6. More data are needed to know whether the candidates completing teacher preparation programs are obtaining a Professional license to teach in Louisiana and obtaining teaching positions in public schools in Louisiana after graduation. If they don’t obtain a Professional license after completing their programs, workforce needs will not be met. Louisiana might also benefit from an outside, independent study of its teacher preparation policies and programs and their relationship to teacher effectiveness in the classroom to determine what will work or is working and what needs to be changed.

 

7. Given the fiscal situation facing the state, Louisiana should maximize the efficiency of the Student Scholarships for Education Excellence Program (Vouchers) by limiting access to students coming from failing schools and excluding entry at Kindergarten. Additionally, we should continue to evaluate the program to determine if it has an impact on student achievement and use these results to inform any future investment in the program.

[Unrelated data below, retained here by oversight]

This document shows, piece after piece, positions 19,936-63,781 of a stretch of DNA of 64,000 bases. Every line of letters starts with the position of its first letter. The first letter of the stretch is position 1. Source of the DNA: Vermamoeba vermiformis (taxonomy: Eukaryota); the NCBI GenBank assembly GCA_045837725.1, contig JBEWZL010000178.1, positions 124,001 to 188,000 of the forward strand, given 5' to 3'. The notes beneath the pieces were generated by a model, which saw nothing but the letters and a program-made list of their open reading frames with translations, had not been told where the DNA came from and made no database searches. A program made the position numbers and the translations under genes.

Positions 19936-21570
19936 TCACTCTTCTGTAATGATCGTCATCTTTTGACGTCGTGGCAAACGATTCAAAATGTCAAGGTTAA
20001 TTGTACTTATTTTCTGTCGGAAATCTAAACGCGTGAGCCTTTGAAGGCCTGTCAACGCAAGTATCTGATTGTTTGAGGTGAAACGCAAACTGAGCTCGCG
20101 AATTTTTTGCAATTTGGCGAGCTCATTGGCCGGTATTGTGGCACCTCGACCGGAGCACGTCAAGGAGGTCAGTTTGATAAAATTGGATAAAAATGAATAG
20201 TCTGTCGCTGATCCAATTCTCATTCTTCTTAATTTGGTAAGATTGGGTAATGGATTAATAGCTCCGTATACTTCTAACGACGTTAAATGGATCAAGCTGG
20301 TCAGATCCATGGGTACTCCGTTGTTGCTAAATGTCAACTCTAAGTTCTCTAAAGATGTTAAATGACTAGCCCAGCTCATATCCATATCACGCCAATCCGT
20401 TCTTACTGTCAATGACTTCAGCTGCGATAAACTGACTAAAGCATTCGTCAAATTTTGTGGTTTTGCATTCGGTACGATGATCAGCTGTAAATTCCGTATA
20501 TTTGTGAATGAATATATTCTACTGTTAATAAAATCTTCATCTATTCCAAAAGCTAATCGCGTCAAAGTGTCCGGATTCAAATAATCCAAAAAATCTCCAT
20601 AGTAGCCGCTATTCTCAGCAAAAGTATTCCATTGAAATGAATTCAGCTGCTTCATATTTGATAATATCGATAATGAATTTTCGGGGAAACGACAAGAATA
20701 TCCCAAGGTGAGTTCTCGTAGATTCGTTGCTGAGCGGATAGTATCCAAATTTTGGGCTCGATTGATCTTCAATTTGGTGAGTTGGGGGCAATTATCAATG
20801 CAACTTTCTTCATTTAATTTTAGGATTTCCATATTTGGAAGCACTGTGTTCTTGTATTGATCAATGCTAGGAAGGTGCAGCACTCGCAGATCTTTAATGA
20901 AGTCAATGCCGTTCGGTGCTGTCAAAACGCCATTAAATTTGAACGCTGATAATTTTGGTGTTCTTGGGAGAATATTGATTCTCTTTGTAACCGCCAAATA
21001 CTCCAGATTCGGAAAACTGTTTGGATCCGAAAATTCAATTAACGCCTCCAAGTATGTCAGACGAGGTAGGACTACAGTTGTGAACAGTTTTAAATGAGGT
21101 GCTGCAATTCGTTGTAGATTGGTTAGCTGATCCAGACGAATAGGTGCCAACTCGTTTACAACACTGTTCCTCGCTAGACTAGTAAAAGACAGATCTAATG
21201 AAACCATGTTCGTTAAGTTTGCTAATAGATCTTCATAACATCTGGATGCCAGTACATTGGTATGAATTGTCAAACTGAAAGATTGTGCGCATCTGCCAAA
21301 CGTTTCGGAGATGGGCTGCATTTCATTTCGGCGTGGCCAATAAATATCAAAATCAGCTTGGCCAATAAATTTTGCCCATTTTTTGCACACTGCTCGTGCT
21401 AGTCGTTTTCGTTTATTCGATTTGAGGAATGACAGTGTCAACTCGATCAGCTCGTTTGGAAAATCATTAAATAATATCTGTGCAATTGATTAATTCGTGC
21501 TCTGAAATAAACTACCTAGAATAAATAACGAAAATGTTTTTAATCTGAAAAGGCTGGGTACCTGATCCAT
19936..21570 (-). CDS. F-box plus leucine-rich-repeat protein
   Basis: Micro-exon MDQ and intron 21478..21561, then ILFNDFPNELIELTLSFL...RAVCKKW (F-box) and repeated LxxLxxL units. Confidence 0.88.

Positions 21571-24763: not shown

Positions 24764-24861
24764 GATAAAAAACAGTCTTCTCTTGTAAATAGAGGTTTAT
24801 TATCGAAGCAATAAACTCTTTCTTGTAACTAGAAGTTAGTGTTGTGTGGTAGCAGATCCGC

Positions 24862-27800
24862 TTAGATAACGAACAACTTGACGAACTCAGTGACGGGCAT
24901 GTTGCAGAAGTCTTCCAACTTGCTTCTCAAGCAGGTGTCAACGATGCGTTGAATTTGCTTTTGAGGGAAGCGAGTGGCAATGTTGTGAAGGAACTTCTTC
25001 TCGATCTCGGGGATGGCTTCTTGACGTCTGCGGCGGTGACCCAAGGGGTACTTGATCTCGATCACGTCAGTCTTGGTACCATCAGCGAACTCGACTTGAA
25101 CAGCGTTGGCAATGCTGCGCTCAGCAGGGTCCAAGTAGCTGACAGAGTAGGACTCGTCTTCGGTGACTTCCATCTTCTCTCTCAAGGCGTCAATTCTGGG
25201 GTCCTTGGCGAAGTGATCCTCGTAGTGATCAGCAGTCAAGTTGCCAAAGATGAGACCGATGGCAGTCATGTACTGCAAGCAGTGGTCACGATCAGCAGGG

8. Employ other strategies beyond suspension as a component of addressing student misconduct and violations including proactive strategies leveraging positive behavioral interventions and supports (PBIS) and relational approaches after an offense has occurred. In addition, we should restrict the use of suspension and expulsion by excluding the state’s youngest learners (K-3).